Read More Show Less

What People Are Saying

From the Publisher
"Just delightful! Judy has given us a delectable family reunion recipe feast, with lively photos throughout."
—Sheila Lukins, coauthor of The Silver Palate Cookbook
Read More Show Less

Product Details

  • ISBN-13: 9780761159650
  • Publisher: Workman Publishing Company, Inc.
  • Publication date: 11/22/2007
  • Sold by: Barnes & Noble
  • Format: eBook
  • Pages: 656
  • Sales rank: 39,230
  • File size: 37 MB
  • Note: This product may take a few minutes to download.

Meet the Author

Judy Bart Kancigor started Cooking Jewish as a family project. She is a freelance food writer and columnist for the Orange County Register. A popular teacher of Jewish cooking and family life, she speaks at synagogues, women’s organizations, and cooking schools. She lives with her husband, Barry, in Fullerton, California.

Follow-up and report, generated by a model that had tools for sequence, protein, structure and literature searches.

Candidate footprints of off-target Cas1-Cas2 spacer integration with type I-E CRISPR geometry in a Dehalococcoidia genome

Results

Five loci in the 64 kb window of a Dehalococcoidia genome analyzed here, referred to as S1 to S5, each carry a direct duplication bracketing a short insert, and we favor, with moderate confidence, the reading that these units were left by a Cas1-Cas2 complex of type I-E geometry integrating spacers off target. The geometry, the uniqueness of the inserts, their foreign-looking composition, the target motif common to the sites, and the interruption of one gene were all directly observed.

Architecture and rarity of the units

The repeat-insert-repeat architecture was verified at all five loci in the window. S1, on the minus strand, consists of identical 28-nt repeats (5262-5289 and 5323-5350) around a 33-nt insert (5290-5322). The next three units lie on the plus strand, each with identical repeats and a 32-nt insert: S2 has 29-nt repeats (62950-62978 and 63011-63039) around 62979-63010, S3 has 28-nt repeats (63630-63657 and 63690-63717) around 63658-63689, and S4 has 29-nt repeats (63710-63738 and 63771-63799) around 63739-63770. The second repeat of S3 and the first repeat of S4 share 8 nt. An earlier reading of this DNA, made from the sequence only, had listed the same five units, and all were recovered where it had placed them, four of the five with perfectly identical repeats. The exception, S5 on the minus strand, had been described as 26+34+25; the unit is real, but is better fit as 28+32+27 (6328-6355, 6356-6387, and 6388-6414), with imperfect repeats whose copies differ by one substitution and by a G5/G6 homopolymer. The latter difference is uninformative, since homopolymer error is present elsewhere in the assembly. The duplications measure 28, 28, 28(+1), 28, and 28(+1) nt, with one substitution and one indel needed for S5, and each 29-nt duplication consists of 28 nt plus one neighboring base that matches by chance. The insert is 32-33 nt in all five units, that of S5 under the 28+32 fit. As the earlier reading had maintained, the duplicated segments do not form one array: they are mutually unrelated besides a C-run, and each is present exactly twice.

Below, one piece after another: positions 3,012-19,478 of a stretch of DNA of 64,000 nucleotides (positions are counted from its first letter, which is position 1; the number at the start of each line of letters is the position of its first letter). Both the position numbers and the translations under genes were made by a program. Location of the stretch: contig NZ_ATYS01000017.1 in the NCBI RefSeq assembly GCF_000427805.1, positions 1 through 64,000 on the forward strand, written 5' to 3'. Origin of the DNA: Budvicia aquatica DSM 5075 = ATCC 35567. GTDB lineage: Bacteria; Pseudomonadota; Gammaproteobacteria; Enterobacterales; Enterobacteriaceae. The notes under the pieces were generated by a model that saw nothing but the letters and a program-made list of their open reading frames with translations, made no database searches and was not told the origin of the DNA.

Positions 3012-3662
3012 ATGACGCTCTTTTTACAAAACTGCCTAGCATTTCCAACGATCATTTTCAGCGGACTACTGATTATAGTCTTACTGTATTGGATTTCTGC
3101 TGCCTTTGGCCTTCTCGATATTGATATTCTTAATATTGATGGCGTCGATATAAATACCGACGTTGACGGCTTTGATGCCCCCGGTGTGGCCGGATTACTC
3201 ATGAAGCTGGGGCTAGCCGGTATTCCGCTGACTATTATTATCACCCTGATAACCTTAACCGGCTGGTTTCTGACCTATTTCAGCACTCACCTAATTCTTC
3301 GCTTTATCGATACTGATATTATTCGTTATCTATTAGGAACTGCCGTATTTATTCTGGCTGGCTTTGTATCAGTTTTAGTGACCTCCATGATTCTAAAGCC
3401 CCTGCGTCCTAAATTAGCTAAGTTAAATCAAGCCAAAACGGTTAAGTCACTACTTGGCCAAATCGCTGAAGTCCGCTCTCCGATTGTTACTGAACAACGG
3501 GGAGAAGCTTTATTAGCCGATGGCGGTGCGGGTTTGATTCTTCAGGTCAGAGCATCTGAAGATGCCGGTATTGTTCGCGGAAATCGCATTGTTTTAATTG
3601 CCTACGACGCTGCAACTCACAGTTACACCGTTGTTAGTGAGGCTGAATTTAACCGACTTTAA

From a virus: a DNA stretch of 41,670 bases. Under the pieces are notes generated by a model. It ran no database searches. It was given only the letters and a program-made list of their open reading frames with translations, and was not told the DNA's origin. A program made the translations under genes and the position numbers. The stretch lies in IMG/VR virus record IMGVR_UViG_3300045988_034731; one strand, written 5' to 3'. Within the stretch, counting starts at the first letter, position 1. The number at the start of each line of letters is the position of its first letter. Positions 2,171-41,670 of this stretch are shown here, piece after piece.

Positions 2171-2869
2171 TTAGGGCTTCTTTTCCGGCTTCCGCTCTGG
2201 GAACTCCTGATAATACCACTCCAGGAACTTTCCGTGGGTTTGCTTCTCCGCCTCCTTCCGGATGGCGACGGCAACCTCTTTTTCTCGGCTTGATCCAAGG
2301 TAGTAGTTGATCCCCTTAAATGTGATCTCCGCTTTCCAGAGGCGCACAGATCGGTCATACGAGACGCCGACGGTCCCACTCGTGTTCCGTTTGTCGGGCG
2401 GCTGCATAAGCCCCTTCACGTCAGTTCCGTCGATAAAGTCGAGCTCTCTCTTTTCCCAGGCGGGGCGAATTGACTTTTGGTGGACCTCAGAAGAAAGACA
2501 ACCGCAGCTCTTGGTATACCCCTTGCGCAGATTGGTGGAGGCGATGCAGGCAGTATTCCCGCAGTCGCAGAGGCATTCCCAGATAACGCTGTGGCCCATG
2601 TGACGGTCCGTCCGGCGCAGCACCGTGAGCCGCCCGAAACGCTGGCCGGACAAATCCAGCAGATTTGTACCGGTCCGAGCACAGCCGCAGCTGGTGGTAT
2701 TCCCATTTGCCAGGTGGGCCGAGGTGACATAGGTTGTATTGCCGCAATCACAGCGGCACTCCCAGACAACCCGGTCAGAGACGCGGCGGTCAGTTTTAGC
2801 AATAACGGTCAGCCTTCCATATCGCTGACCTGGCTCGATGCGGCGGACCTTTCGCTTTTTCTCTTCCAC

Read More Show Less

Table of Contents

Introduction: Recipe for a cookbook . XXI
So I’m sitting minding my own business, and I’m thinking, I know. I’ll collect my aunts’ recipes and put them in a book. So look what happened! Meet the family, each with a recipe and a story to tell. You’re gonna need a scorecard. (The photos will help.)

B’raysheet: in the beginning . XXIX
Back in Slonim, first they liked us, then they hated us—Papa Harry said, “Enough already!” How my grandparents set down roots in the Promised Land, and from there sprang the whole mishpuchah.

Cooking kosher. XLVI
To play the game you gotta know the rules. If you’re observant, you know all this stuff already. If not, here’s a quick course in separating the meat from the dairy.

Appetizers .. 3
A little nosh before the main event. Not “little” like the French with their dainty amuse-bouches. Not that little. And why just one? Have a knish and borekas and some chopped liver too. And a little hummus would be good. And try the eggplant. Hummus with the eggplant. M-m-m-m.